MINNEAPOLIS (AP) — A Minnesota hospital said Friday that missing remains from a stillborn baby presumed to have been wrapped in linens at the hospital morgue likely was sent to a laundry service that discovered another stillborn's remains earlier this week.
Regions Hospital of St. Paul discovered that a set of remains for a stillborn at 19 weeks gestational age was missing after a set of remains for a stillborn at 22 weeks gestational age was found by workers Tuesday at a laundry service in Red Wing. The second set of remains is still unaccounted for.
"A tragic human error was made and we believe both sets of remains were mistaken as empty linens and placed in the laundry at the same time by a hospital worker," said Chris Boese, the hospital's chief nursing officer.
Hospital officials said they had not identified the employee who may have made the mistake, but the hospital is investigating and takes full responsibility.
"All of us are accountable," said hospital CEO Brock Nelson, adding: "There was no foul play involved here."
Nelson said the mistake was unacceptable and the hospital is taking steps to ensure it does not happen again.
"We have many good staff," Nelson said. "It's just a real tragedy ... we are just very, very sorry."
Regions Hospital, one of the largest hospitals in the Twin Cities, handles about 2,500 births every year, and about 20 to 25 of the infants are stillborn, Boese said. Families of those infants are given the choice of making their own arrangements or allowing the hospital to work with community groups that take care of the burial or cremation.
She could not release details about these families due to privacy rules, but she said the hospital has apologized to both families and offered support.
Boese said that as authorities were investigating the discovery of the first set of remains, records showed there should have been another set of remains in the same place. The hospital learned that the second set did not go to a funeral home or another location.
"We have searched everywhere," Boese said. "We have checked into everything. It unfortunately may be that we just will not know what happened with the remains."
She said the hospital has accounted for all other stillborns.
Nelson said the hospital has made several changes to make sure this doesn't happen again. Among them, he said, the hospital adopted an improved identification process that ensures a visual identification and an enhanced tracking process. He also said the hospital has added more security and supervision.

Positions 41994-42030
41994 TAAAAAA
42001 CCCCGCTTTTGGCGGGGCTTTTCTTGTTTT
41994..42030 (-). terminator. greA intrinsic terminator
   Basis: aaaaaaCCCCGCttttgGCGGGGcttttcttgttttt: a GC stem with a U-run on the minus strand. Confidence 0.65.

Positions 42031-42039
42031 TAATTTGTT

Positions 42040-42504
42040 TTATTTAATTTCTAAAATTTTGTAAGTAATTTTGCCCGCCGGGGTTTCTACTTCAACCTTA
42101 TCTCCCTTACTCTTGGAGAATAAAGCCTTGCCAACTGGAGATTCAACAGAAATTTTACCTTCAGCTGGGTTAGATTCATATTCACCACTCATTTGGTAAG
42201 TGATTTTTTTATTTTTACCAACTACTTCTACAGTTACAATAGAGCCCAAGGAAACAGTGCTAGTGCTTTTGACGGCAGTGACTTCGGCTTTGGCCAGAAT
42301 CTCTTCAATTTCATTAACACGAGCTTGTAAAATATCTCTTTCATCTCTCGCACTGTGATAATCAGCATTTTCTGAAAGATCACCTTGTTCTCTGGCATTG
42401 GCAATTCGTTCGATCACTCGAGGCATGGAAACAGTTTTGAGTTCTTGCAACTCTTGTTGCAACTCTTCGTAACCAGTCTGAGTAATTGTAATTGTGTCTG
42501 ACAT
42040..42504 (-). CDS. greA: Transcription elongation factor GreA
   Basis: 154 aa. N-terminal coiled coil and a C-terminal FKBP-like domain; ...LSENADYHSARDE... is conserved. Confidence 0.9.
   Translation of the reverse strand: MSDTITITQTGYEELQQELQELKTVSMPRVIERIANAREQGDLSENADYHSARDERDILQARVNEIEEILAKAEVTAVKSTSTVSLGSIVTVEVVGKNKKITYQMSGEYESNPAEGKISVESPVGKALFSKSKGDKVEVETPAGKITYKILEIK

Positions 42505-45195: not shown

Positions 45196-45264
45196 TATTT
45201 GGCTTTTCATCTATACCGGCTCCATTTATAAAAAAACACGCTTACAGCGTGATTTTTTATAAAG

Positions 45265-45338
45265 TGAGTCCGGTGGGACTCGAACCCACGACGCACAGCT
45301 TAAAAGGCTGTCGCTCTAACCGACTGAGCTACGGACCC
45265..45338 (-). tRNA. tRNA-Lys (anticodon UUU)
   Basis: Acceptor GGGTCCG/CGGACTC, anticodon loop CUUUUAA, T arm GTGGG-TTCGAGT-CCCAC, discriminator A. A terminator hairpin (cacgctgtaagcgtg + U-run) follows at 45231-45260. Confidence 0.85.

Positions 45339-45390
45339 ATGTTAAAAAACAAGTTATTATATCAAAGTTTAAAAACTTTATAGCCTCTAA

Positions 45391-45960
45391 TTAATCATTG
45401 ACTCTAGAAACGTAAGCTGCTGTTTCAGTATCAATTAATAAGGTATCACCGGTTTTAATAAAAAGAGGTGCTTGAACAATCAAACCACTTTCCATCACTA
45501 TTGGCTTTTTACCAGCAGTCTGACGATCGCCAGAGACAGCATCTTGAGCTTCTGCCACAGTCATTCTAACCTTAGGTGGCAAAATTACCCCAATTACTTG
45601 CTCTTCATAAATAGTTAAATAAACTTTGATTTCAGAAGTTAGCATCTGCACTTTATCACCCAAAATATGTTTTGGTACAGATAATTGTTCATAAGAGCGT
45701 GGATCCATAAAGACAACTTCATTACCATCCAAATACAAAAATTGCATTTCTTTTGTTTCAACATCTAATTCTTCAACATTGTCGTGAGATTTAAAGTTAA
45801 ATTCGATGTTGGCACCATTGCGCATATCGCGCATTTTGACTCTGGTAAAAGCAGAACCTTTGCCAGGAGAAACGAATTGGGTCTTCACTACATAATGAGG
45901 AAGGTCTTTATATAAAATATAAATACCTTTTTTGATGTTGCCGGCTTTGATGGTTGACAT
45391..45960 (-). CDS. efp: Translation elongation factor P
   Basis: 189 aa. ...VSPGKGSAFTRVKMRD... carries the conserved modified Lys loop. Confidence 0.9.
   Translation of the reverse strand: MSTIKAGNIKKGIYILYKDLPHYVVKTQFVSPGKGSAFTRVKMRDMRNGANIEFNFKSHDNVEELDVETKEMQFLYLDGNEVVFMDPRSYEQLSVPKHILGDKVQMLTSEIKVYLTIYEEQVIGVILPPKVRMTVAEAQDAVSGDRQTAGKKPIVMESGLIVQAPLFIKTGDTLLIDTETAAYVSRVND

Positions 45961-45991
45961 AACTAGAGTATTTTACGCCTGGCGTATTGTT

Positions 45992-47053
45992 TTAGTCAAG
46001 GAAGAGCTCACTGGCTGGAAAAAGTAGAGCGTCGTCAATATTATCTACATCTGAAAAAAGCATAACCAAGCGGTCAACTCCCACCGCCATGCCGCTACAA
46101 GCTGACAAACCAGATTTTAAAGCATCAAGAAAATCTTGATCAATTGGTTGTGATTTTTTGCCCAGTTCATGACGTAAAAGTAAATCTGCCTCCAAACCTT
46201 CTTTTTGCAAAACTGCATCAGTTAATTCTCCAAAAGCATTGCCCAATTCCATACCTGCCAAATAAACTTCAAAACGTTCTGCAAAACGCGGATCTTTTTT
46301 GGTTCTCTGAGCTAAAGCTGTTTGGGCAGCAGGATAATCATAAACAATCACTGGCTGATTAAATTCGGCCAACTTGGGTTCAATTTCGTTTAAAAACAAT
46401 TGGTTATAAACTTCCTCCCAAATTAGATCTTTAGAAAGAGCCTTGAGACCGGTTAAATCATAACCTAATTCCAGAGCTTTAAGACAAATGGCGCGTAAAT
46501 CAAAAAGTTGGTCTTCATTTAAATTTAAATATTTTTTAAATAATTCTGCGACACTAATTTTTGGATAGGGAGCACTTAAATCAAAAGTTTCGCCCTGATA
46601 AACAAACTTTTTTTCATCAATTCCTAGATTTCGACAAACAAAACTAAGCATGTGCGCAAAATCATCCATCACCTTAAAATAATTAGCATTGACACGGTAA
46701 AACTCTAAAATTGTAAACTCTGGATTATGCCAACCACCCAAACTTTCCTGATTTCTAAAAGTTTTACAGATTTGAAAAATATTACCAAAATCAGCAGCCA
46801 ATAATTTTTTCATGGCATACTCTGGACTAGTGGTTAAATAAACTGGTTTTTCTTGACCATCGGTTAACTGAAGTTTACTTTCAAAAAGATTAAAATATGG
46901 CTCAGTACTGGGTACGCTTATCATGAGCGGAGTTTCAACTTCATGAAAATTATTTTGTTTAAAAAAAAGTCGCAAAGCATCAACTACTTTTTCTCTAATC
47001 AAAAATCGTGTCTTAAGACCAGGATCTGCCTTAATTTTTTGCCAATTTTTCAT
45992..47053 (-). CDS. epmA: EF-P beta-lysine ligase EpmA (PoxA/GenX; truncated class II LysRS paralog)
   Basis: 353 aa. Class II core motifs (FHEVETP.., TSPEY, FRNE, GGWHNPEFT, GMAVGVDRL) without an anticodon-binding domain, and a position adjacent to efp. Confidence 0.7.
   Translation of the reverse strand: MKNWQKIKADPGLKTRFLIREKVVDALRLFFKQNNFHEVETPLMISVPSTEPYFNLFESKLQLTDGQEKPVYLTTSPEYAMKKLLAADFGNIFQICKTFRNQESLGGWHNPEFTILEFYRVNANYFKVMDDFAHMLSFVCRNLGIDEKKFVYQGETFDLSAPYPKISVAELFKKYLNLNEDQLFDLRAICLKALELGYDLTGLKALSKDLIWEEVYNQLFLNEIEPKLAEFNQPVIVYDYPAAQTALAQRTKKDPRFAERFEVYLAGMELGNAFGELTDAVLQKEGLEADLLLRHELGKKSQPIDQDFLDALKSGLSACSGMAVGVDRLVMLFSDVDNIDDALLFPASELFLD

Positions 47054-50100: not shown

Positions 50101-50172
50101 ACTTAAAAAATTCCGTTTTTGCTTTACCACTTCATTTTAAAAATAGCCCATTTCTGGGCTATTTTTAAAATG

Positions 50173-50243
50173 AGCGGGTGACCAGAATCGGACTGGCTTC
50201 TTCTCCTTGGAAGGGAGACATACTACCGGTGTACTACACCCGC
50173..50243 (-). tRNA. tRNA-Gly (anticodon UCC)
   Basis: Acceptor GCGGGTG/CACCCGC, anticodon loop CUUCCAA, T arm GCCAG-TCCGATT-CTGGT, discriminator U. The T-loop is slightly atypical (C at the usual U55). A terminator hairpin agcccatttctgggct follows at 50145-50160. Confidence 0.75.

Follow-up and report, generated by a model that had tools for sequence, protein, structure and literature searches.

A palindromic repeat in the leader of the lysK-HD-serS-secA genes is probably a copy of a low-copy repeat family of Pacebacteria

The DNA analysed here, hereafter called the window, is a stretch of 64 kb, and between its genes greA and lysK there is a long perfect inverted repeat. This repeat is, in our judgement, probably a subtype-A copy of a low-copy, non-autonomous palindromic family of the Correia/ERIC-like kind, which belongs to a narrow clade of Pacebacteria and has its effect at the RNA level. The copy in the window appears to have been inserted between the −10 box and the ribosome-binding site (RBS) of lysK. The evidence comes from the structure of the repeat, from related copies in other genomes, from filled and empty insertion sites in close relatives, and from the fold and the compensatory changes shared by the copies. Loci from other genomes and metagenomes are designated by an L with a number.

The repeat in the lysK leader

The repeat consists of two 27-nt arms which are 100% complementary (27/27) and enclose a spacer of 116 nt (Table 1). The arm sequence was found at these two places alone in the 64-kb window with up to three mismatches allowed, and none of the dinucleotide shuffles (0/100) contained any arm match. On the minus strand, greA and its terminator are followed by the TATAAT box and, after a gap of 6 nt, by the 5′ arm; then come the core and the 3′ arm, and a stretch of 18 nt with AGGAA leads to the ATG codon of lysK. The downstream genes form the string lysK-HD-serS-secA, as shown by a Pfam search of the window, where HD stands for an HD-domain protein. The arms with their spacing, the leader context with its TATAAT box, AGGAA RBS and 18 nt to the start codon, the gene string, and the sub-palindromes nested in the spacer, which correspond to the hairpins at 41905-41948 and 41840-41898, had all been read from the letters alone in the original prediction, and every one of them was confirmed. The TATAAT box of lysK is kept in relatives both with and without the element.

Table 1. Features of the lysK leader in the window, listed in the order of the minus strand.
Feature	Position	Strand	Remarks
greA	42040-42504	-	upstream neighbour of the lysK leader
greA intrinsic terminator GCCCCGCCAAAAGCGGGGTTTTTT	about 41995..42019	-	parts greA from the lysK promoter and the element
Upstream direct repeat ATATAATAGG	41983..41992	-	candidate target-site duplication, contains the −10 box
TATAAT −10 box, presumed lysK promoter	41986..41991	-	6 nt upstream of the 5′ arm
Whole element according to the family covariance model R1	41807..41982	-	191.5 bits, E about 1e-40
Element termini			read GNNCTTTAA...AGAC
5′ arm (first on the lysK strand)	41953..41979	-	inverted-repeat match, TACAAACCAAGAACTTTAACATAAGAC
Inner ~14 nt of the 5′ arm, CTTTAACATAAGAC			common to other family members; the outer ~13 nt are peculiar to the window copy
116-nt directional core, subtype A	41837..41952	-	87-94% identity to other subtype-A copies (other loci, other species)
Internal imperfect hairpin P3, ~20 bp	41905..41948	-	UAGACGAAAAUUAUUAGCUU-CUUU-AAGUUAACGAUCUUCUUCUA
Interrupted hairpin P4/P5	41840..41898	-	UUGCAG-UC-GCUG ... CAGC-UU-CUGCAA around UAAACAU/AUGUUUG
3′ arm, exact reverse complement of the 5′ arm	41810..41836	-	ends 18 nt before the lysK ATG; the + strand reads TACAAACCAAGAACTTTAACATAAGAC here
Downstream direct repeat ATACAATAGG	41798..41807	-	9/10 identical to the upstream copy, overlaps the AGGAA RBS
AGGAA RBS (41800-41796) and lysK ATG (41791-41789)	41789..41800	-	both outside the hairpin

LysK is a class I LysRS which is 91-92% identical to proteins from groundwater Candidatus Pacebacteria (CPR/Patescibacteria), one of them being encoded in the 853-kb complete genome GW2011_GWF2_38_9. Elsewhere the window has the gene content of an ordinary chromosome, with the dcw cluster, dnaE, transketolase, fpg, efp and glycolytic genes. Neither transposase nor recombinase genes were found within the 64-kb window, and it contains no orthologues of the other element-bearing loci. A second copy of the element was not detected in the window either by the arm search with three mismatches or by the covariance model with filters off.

He said the hospital is also working with regulators at the Minnesota Department of Health.
Mike Schommer, a Department of Health spokesman, said state law prohibits him from talking about active investigations. Generally speaking, he said, the agency's compliance monitoring division might get involved in investigations into incidents at health care facilities.
Incidents like this are rare, but an Associated Press review of news coverage in recent years found accounts of a dozen incidents between 1996 and 2009 at hospitals in the U.S. and Canada. In some cases, the body of a stillborn went through the wash before it was found; other cases led to legal action.
The AP search also found several other cases where the remains of stillborn babies were allegedly lost, discarded in the trash or disposed of without the family's knowledge. And in dozens of other cases, the remains were kept in storage for long periods before someone objected or found them.
In the recent Minnesota case, the remains of the first stillborn were found when the baby tumbled out of a bed sheet at Crothall Laundry in Red Wing, about 45 miles southeast of St. Paul, according to Red Wing Police Chief Roger Pohlman. Laundry employees called Regions Hospital, which immediately sent workers who collected the remains before police arrived.
A message left after business hours for a manager at the laundry service was not immediately returned Friday.